Using Twitter for jobsearch a quick guide

Many people think twitter is just gossip or a platform for self promotion but did you know that it’s a great place to hear about jobs and insider information.

Most companies & organisations will have a Twitter account many of the bigger ones will have multiple accounts for different purposes, marketing, customer service and careers or jobs.

By following some relevant accounts you can get notifications of when jobs are advertised, tips on how to apply and gather market information to improve your knowledge of a sector – really useful for making a great application or at interview.

So …

Step 1. Have you got a Twitter account?

Remember as with any social media people will judge you on what they find there. So if you want to interact with companies it might be worth setting up a professional account separate from your private life. It’s fine to show some personality in your professional twitter account and have a bit of fun BUT just be aware people will look at who is following them or commenting about them.

Get started create your account

Step 2: Build your account

You could start by following us  @manunicareers to get an idea of how it works and see who we follow.  Many University departments, schools and societies also have accounts have a look and see what they are saying.

Step 3: Network to create your own opportunities

Because Twitter is an open social network, you can use it to make new contacts with professionals in your chosen industry, which may open the door to work experience and jobs. Many students have had success using Twitter in this way.

Some suggestions for getting started:

  • Find and follow professionals and organisations in your chosen career sector. Observe them and see what sorts of things they tweet about.
  • CaptureYou can also create lists of employers or people you are interested in and you don’t necessarily have to follow them. By organising your account into lists you can have all your recruiters for marketing  in one place and for consultancy in another.  Select one or the other to look at and voila a list of tweets just on that topic from your selected tweeters uncluttered by the rest of what’s going on in your account.
  • Re-tweet interesting things and comment on the industry news. Try to sound like a “professional in development” in your tweets and you will gradually start to “get on the radar” of professionals in the sector.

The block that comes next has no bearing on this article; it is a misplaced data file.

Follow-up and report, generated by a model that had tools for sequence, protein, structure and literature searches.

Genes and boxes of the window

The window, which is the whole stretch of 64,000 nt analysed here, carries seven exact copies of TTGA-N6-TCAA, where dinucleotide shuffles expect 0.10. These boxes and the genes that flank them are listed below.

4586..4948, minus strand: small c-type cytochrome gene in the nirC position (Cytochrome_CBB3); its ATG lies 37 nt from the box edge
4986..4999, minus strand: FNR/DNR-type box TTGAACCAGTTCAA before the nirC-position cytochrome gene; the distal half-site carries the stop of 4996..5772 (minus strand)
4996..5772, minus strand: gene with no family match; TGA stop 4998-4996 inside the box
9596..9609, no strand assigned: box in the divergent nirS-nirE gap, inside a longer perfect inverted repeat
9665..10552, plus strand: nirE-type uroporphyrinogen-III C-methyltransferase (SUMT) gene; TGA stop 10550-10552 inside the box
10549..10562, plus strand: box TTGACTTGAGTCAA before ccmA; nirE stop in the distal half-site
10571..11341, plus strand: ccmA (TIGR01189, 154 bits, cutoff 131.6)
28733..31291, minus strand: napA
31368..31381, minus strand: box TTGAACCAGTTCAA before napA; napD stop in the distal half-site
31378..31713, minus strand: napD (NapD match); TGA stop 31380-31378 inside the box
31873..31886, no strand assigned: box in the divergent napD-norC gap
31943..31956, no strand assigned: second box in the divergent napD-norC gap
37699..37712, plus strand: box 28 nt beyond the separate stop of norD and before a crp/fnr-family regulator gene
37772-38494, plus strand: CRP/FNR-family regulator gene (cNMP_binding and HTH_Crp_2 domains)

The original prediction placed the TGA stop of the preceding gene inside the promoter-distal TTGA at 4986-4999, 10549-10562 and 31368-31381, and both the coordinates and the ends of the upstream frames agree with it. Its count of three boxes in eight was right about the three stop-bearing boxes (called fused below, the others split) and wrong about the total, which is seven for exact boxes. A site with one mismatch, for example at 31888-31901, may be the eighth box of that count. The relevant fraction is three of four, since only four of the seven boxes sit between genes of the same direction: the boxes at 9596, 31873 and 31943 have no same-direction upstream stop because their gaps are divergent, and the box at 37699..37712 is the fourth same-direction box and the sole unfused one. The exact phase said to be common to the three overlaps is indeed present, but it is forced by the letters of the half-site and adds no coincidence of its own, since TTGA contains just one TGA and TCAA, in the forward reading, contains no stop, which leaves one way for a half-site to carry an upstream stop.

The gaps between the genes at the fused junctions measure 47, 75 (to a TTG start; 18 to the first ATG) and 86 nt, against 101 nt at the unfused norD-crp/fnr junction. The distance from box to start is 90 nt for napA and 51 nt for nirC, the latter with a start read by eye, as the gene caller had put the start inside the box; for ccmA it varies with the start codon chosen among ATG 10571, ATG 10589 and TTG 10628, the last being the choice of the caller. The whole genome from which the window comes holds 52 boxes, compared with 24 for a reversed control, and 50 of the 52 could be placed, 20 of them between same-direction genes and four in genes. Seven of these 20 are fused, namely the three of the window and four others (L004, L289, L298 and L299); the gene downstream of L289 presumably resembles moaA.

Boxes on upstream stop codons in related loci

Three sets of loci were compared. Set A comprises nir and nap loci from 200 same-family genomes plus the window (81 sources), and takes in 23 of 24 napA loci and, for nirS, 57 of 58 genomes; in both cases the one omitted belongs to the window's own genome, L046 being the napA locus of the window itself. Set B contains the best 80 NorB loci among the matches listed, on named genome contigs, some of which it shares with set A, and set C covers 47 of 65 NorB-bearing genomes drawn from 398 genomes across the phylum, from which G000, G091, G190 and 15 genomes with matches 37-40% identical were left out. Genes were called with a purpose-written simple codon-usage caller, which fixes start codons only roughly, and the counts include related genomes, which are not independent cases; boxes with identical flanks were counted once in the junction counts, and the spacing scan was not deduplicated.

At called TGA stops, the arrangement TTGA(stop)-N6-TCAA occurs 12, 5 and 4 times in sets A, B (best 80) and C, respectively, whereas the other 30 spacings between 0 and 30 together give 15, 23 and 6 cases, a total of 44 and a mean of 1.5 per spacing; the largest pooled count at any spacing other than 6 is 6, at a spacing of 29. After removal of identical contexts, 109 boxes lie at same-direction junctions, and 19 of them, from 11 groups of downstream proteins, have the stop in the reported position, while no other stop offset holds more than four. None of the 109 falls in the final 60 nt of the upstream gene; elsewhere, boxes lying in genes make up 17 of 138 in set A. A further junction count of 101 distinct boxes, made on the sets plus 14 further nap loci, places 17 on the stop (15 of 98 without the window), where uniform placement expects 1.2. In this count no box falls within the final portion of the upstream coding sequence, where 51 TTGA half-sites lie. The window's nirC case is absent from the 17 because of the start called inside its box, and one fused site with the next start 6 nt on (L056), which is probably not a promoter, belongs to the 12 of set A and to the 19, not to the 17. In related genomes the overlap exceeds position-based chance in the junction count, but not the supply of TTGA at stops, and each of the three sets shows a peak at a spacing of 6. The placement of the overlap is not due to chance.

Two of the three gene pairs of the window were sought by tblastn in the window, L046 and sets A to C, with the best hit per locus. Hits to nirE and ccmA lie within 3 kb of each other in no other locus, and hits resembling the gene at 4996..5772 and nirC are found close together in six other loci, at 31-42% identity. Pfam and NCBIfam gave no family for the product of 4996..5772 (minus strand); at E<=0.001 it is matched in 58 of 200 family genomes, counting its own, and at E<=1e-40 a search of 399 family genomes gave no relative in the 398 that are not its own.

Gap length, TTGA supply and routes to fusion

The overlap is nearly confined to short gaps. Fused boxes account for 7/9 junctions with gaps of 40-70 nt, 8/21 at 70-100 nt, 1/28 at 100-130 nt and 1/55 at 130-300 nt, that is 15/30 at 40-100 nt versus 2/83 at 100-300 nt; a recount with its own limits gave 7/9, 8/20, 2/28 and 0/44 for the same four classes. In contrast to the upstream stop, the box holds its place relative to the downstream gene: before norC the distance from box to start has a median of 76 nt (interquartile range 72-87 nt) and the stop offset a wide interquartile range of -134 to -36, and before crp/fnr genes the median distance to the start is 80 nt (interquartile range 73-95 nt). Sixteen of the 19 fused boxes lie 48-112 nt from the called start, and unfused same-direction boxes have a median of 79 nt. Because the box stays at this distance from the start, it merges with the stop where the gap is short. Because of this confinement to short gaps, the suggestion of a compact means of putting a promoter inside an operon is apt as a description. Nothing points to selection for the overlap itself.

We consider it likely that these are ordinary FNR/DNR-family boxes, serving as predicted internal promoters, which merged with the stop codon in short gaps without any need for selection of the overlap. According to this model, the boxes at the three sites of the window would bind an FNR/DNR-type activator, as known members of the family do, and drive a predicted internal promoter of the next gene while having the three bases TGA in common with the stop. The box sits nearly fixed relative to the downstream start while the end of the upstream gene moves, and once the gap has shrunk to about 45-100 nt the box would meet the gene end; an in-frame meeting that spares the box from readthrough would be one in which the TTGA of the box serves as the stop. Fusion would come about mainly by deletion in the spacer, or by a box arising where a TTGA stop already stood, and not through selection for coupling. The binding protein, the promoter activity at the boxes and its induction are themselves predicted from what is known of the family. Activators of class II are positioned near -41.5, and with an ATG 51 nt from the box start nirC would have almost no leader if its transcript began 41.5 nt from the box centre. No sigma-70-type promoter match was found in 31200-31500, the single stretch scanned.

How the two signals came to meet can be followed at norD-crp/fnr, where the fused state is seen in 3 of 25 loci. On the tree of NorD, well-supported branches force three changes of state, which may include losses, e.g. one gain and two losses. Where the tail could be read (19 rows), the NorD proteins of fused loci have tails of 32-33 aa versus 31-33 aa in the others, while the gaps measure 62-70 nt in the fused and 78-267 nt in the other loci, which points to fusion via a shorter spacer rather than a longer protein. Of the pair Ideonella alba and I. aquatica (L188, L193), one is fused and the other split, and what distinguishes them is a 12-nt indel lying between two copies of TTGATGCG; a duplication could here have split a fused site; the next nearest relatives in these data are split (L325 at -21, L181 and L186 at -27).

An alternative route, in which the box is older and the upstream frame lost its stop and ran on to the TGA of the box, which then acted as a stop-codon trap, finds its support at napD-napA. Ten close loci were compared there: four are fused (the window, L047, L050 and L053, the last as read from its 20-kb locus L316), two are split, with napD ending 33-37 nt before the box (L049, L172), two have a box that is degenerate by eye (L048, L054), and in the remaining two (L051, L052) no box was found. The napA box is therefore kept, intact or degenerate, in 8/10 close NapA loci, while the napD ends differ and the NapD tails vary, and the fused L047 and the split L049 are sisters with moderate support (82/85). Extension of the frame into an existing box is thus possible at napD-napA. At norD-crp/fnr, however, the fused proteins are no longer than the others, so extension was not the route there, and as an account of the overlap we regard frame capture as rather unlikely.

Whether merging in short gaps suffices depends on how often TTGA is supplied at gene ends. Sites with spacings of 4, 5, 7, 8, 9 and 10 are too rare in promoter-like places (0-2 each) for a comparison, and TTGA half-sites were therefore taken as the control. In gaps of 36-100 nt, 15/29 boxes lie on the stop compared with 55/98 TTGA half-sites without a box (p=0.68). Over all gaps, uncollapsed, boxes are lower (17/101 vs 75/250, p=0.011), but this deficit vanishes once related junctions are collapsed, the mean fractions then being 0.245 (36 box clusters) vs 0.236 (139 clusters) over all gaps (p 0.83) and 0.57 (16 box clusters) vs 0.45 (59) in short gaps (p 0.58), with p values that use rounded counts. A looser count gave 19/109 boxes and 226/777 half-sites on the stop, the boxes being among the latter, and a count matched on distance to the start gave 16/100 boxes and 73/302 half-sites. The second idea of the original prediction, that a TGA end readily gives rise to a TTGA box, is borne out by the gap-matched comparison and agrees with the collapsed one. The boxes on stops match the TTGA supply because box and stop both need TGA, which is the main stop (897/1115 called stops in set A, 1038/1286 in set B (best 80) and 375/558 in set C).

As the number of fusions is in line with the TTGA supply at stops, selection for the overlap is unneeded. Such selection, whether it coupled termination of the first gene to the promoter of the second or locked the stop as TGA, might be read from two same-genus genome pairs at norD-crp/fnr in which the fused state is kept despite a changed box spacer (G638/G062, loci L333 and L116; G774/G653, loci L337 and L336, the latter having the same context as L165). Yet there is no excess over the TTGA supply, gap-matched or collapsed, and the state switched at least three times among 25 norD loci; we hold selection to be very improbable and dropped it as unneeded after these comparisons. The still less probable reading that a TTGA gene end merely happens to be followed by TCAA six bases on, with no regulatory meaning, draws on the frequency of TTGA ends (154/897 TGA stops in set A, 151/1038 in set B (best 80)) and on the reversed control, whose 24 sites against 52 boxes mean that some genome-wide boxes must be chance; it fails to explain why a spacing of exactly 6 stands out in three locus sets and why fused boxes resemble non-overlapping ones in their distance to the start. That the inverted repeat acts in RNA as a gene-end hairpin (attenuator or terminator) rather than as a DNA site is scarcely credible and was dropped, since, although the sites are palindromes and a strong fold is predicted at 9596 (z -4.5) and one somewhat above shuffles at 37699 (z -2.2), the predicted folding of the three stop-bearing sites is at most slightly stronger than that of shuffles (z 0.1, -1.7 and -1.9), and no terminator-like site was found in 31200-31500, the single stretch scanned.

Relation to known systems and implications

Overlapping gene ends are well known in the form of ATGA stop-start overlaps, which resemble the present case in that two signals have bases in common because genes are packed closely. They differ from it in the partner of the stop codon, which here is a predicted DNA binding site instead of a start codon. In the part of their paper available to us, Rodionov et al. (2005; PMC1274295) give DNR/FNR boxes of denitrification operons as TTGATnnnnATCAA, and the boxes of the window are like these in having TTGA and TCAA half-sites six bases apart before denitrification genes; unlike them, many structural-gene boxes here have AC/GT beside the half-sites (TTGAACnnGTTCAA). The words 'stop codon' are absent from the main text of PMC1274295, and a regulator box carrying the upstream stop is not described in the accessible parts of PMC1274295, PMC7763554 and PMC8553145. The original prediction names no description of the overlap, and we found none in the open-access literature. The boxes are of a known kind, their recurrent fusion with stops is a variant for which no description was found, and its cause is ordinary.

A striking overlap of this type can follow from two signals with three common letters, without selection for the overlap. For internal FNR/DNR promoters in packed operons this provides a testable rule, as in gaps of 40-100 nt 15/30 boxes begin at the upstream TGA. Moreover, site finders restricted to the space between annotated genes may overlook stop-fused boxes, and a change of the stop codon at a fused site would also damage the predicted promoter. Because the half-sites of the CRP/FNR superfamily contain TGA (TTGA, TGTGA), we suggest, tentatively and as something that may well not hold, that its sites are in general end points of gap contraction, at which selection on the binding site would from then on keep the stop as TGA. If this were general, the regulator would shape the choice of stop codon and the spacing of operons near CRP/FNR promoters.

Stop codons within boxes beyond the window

• Gradually join in conversations with the professionals and organisations you’re following, pose relevant questions and add your thoughts. You could throw in a tweet along the lines of: “Interesting blog on the outlook for publishing sector, thanks! Do you envisage your org. will be needing grads with social media skills?” to try to steer the conversation towards job opportunities.
  • If you have a LinkedIn profile or a (professional-ish) blog, link to that from your Twitter profile so that recruiters can “check you out” and get a more rounded view of you as a person and future professional. If your blog is relevant to your chosen career sector, you can feed your blog posts onto Twitter.


There are some great accounts you can follow that are already getting the information you may be interested in. For example

  •  This is the local jobcentre in Manchester they find out about loads of great local opportunities and part time jobs that you just wouldn’t see advertised normally.
  • Most graduate job sites have a vacancies feed pick the one you like to use and follow them they will have a twitter icon on their website 
  • There are some great places for market intelligence like professional bodies or journals e.g. The journal / website marketing week promotes it’s articles via twitter but actually if you are interested in the sector they are talking about then you can get some really interesting insights
  • Get updates on what’s going on in the student & graduate labour market – really useful to help you understand supply and demand shortage areas and trends.
  • Watch out for the quirky stuff. Sometimes you just find someone who is doing exactly what you need e.g. a collation of vacancies for those who want to make a difference. It’s by no means an official list but maybe that’s what you want – so look around who is following who, where do tweets originate?

And finally the great thing about Twitter – it’s short, scan it quickly and either click a link to read more or move on. It is fast moving though, blink and you might miss something!


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